The federal revenue agency says it doesn’t know what sort of taxpayer information a rogue employee improperly shared with the Canadian Security Intelligence Service because CSIS has wiped the files from its database.
CRA told The Canadian Press that the employee who handed over the sensitive data — doing so even though CSIS lacked a judicial warrant — is no longer with the department.
The agency refused to disclose whether the person was fired or left voluntarily, citing privacy reasons. And it is not clear if the taxpayers whose information was compromised were ever notified of the improper sharing.
The Security Intelligence Review Committee, the watchdog that keeps an eye on CSIS, revealed last week in its annual report that the spy and revenue agencies repeatedly breached the rules.
Questions were first raised by the Federal Court, prompting CSIS to ask the review committee to look into the matter.
After concerns emerged, there were assurances the sensitive revenue agency information had been purged from a CSIS database when, in fact, it was still there, the review committee’s report says.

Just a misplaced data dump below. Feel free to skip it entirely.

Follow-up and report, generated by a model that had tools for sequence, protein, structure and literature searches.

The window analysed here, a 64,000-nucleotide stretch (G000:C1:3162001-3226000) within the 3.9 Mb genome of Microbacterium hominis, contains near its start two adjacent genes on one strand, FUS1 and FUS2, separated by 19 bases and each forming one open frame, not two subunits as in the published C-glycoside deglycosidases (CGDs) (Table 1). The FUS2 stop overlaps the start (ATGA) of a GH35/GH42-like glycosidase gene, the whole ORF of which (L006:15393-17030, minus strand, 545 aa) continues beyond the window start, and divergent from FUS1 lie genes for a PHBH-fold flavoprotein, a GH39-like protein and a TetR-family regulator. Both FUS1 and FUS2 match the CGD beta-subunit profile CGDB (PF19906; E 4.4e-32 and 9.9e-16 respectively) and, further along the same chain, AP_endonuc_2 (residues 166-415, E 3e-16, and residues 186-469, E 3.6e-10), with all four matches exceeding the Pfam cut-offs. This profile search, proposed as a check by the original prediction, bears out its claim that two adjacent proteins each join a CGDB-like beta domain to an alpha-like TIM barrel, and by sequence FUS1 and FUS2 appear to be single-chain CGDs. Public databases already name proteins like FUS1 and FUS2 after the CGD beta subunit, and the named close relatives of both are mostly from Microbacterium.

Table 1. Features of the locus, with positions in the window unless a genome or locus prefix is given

CSIS spokeswoman Tahera Mufti says the information is now “deleted from CSIS databases. It should be noted that none of the information received from CRA was shared beyond CSIS.”
As a result, revenue agency spokesman Philippe Brideau says, it is unclear what was passed to the spy agency in the first place. “The CRA is unable to determine the details of the information that was shared with CSIS, as it was removed permanently and in its entirety from CSIS systems.”
Brideau suggests the deletion also made it impossible to notify taxpayers.
Mufti declined to say whether CSIS had done so. She also would not reveal what sort of information the spy service got from the revenue agency.
The review committee report says CSIS management issued a “stern reminder” to employees of the need for a warrant to collect taxpayer data, but the committee concluded that may not be sufficient.
Mufti says while she could not confirm or deny any “internal disciplinary measures that might have been taken,” CSIS maintains “robust policies and procedures, clearly defining our roles and responsibilities. We continue to actively educate and train our staff on the latest updates on our policies.”
The federal privacy commissioner is looking into the improper sharing.
“What we can tell you at this time is that we were aware of this issue and we have been examining it,” says spokeswoman Valerie Lawton, who was not in a position to provide more details.